Problem description:

well, when i compile and test the game.. it takes byond like 10 minutes to open the dream seeker... its not cuz my computer cuz when i open other games i got and live games they work right away.. what part of a code can be blocking it from opening? help plz
Any infinite loops without some sort of delay in them like "sleep(1)" will definately do that. I've experienced that the hard way.
In response to Mizukouken Ketsu
what do infinitie loops look like?
In response to Agrey123
They can come in a variety of forms:

Look for the 'for' statements used in your code.

Look for the 'while' statements used in your code.

Look for a procedure calling itself again, or a proc calling another proc which calls that proc again etc...

Those are the basic loops. However I'm not so sure this is a loop problem, because it it was, the dream seeker would detect it and let you know: "Error maximum recursion level reached", something along those lines. You have to make sure you're not setting the hide loops variable, as well.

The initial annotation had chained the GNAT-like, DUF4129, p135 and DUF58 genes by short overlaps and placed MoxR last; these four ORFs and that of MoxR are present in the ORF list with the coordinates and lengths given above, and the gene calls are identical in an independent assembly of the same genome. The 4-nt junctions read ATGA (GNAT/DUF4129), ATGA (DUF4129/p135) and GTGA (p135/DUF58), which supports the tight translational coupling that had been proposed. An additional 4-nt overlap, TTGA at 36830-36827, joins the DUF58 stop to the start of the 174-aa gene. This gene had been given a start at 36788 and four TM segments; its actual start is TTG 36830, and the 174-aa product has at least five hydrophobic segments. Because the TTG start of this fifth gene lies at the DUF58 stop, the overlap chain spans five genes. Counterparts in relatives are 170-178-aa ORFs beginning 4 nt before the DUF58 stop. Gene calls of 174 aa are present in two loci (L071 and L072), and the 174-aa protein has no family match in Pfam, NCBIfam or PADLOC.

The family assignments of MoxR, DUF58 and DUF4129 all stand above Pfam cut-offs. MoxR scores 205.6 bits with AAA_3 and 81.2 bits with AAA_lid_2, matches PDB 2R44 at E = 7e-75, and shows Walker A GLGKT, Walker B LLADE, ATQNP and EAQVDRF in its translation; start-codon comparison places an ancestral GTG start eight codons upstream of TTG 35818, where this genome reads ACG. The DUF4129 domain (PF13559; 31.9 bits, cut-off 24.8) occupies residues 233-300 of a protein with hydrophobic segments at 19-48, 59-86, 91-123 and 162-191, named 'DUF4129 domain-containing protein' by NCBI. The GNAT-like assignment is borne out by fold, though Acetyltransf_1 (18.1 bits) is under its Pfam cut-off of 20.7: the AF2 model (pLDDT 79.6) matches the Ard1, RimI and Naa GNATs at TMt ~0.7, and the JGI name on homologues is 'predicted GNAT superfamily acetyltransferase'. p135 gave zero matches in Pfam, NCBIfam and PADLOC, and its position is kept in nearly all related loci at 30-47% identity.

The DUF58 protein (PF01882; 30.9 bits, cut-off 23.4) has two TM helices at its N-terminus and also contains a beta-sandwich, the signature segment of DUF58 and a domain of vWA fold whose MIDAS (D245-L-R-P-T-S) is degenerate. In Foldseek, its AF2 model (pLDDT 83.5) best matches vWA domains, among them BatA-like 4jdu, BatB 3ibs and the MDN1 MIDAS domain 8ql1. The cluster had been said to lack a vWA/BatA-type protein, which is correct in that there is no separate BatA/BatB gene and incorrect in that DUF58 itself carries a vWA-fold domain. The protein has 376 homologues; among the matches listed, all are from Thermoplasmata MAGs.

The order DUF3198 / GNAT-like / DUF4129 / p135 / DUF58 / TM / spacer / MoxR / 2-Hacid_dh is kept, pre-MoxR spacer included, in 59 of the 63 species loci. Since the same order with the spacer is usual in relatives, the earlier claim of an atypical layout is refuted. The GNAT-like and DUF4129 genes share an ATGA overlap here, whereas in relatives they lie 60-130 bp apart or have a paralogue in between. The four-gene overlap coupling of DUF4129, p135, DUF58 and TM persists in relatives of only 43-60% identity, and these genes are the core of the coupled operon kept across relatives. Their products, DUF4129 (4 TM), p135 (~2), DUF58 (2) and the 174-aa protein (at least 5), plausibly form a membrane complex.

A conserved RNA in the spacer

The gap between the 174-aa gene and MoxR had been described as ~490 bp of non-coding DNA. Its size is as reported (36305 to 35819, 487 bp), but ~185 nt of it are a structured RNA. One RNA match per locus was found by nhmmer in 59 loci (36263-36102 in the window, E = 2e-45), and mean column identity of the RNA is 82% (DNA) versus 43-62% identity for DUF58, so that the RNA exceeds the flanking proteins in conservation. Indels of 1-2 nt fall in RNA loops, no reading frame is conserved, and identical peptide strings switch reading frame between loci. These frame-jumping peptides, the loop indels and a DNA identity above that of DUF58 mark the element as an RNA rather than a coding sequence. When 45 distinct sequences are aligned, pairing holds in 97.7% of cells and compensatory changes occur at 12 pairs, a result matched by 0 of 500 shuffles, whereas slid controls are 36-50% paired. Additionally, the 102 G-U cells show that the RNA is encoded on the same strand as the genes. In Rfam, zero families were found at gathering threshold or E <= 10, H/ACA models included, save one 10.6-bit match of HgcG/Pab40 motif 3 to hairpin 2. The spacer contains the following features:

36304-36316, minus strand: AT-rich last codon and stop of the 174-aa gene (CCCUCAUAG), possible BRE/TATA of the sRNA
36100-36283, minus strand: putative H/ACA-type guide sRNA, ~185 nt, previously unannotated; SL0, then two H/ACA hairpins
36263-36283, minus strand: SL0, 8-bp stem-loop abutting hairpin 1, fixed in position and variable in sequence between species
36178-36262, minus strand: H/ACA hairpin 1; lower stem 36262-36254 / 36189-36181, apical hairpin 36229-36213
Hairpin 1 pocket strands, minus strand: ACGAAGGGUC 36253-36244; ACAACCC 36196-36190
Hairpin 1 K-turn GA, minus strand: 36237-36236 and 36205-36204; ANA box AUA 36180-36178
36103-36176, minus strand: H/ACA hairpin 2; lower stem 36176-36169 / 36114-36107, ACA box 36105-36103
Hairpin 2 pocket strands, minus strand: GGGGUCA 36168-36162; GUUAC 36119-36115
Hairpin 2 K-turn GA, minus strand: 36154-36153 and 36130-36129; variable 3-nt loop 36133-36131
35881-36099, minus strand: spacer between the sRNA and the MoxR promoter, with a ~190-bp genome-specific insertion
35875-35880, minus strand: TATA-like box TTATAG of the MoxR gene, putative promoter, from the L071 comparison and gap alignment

If it's none of these, I think it's a bug with Dream Seeker (at least, I've heard a lot of people complaining about it)
Try compiling & testing the game seperately (do a build->compile first, before trying build->run). Is it compiling that takes 10 minutes, or running that does?
In response to Agrey123
That's not a very good question, but since you've asked... :P
world << "This message loops forever!"
world << "This message loops forever!"
world << "This message loops forever!"
goto start
world << "This message loops forever!"

src.my_pet = new(src.loc) //infinite loop

As for what an infinite loop is, it's a loop that never ends; continues on forever, hence its name. Not all such loops could be considered strictly infinite though *forever* (or as long as the game runs), it's basically a term for loops that iterate on unconditionally.
If you have such a loop that doesn't have a delay (pause/stop) in it (such as a delay imposed by sleep() or spawn()), it will bog down your world because it keeps the processor busy, effectively locked in that loop, processing it over and over.
As you can see above, infinite loops could be direct and indirect, and some can be harder to spot than others.